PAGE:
May 3, 2007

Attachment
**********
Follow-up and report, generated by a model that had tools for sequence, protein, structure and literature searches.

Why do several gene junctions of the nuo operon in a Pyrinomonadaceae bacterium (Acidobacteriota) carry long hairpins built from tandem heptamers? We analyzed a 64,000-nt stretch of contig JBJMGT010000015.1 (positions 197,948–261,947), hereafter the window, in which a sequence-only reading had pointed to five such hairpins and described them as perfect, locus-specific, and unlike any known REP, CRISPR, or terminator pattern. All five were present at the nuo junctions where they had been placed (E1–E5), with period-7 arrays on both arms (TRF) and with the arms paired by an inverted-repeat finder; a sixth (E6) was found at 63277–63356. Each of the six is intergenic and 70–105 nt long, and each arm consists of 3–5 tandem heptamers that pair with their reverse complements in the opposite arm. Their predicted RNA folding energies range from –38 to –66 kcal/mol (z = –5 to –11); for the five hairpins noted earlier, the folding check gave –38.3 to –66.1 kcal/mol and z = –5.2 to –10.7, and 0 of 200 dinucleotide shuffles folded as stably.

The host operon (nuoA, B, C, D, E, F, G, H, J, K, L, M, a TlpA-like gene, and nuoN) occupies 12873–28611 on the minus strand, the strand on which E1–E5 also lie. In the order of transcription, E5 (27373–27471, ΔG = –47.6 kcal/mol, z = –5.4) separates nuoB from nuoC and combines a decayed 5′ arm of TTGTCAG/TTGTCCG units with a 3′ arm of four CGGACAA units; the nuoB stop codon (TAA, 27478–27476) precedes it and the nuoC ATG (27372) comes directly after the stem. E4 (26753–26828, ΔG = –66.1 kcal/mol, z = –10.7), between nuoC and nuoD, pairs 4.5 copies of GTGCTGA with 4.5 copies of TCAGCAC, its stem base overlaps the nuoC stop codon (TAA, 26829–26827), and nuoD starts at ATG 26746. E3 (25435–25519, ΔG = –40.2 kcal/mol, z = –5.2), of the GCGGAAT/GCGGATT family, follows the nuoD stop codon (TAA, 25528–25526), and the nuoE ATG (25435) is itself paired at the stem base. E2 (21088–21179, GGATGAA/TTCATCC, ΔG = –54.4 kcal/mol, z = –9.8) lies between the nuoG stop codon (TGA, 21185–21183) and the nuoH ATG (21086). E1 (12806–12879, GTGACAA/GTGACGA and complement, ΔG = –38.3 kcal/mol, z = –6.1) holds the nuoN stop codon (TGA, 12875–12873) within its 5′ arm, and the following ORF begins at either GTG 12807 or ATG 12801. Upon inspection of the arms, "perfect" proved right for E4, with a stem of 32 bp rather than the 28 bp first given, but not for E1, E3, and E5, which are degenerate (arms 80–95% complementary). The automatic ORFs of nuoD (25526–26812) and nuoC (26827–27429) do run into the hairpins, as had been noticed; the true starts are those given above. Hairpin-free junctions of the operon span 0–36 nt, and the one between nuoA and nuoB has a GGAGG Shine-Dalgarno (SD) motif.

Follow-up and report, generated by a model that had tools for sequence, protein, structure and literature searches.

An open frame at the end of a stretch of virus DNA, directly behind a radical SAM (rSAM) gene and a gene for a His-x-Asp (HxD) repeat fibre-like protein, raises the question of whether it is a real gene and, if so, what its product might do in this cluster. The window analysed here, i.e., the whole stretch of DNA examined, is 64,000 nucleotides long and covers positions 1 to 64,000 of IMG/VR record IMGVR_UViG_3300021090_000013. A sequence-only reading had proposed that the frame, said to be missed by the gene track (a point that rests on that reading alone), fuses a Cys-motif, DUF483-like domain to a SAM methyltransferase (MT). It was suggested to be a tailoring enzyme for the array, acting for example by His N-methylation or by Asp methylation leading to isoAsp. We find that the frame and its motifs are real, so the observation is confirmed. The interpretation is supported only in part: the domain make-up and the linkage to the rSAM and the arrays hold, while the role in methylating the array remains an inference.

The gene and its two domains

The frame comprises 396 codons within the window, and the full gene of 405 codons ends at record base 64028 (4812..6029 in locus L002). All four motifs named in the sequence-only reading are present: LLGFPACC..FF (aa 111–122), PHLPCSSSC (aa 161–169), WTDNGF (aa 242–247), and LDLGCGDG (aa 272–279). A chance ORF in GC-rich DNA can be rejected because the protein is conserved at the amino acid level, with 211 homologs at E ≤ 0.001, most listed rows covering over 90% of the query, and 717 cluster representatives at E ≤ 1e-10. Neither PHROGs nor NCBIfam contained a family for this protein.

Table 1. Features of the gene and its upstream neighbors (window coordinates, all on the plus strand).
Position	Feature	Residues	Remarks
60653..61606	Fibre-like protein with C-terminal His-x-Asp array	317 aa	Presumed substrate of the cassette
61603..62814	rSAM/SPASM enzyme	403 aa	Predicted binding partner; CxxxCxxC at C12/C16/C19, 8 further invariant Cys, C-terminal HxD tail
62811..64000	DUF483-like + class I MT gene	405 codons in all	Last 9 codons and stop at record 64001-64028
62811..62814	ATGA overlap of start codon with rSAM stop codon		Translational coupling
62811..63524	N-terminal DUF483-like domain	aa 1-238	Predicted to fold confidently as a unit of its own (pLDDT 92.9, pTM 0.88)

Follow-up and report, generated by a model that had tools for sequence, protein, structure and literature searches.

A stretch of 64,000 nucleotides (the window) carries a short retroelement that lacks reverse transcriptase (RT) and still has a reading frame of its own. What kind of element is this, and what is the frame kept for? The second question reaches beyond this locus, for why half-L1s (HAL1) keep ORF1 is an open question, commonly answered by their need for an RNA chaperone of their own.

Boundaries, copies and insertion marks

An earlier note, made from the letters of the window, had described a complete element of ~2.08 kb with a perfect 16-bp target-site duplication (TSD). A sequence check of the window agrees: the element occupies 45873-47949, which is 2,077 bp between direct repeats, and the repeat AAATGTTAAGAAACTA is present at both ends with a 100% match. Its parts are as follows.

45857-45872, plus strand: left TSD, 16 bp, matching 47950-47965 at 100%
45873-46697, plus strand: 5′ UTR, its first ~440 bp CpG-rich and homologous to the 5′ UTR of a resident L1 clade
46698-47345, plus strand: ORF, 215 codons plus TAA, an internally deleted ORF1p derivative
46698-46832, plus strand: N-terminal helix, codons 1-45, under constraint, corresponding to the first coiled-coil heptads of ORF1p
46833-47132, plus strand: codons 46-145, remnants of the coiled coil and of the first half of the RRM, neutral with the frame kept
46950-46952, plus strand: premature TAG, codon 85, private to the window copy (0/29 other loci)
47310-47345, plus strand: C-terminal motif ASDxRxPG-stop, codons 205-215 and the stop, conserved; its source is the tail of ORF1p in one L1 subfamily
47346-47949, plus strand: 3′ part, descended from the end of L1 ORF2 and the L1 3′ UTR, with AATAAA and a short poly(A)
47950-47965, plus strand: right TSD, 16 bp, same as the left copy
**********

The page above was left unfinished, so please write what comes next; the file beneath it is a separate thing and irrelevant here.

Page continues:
Sen. Kirk Watson has a front row seat, but it’s not to watch the show. Watson’s in the show, and it looks like he’s having a good time.With less than a month left in his first legislative session as a state senator from Austin, Watson’s rookie record is probably pretty average: One of his bills has made it all the way to the desk of Gov. Rick Perry, who will decide whether to sign or veto it. Senate Bill 456 is not the stuff of political legend; it would clarify an obscure point of state property tax law.Watson’s desk really is on the front row of the Senate, directly in front of the press table. Directly behind him is another freshman, Sen. Dan Patrick of Houston, a radio show talk host from a district as Republican and conservative as Watson’s is Democratic and liberal.Before a Senate session convened one day last week, Watson said in an interview that one of the biggest discoveries in his still-new role as senator is “the level of learning that you get to do. It is every single day that I come across something that I’m not even sure I’d ever thought about.”Another discovery for him, Watson said, was the depth of anger statewide over toll roads, not just in Central Texas. As vice chairman of the Senate Transportation Committee, Watson gets a front row seat on that show, too.Most of the time, Watson said, partisanship keeps a low profile in the Senate. Critiques by others, from both parties, have made his bills better, he said: “I try to live by the motto that I don’t have a monopoly on good public policy.”That’s a two-way street.During the Senate session later that same day, Thursday, Patrick worked for passage of his bill to protect police officers and departments from civil court judgments if innocent bystanders are hurt during a hot pursuit. He told the Senate there would be two amendments from two former mayors — Kel Seliger, R-Amarillo, and Watson — that he would accept.The amendments said pursuing officers must act within the law and departmental policies; both got Senate approval. Patrick told Watson, “I appreciate your help with this.” The Senate then approved Patrick’s bill after brief debate and sent it to the House.Watson’s desk position made him something of the official Senate greeter that same day when former members were honored with individual introductions and entries, an old-timers’ day for senators. Leading the way was former Lt. Gov. Bill Hobby, followed by a couple of dozen former state senators. Watson smiled and clapped for each and shook hands as they walked by his desk, including his predecessor, Sen. Gonzalo Barrientos, D-Austin.Hobby, Barrientos and most of the other former senators were Democrats (and, mostly, white men), a reminder of how much the Senate has changed in the past 15 years. Today, out of 31 senators, just 11 are Democrats. Of those 11, only three are non-Hispanic white men, including Watson.Barrientos, who is retired from elected office, represented Austin for 22 years in the Senate (and spent 10 years before that in the House). He was a champion of liberal causes, particularly for education, the poor and civil rights. But he often seemed more comfortable giving one last, rousing floor speech before going down in defeat than engaging in hard-nosed negotiation and compromise.Before Barrientos, Austin’s senator for 11 years was Lloyd Doggett, a liberal trial lawyer and effective debater. Doggett, only 26 when he was elected to the Senate in 1973, was not a beloved figure among fellow senators, but he knew how to joust with the more conservative Democrats who made up most of the Senate then and he was successful at passing major legislation. Doggett later served on the Texas Supreme Court and has served as a U.S. representative since 1995.Like Doggett, Watson is a trial lawyer. Like Barrientos and Doggett, he is steeped in Travis County and Austin politics, having served as chairman of the local Democratic party and as mayor of the most liberal city in Texas.But unlike Doggett, 60, and Barrientos, 65, Watson, 49, is not a veteran of the anti-war, civil rights, consumer rights and student movements of the 1960s and early 1970s. And unlike Doggett, who grew up in Austin, and Barrientos, who grew up in Bastrop, Watson did not spend his childhood in Central Texas but in the Fort Worth area. Watson’s not even a University of Texas graduate, having earned his undergraduate and law degrees at Baylor University.But Watson has spent most of his adult life here, and one reason he enjoyed no real opposition to winning his Senate seat last year was his success in steering between business and environmental interests as mayor. That record, combined with a self-deprecating sense of humor draped over a litigator’s toughness, indicated that Watson could develop into a highly effective senator.And he appears to be off to a good start in the Senate, having won public thanks from a conservative Republican for help on a bill involving police work.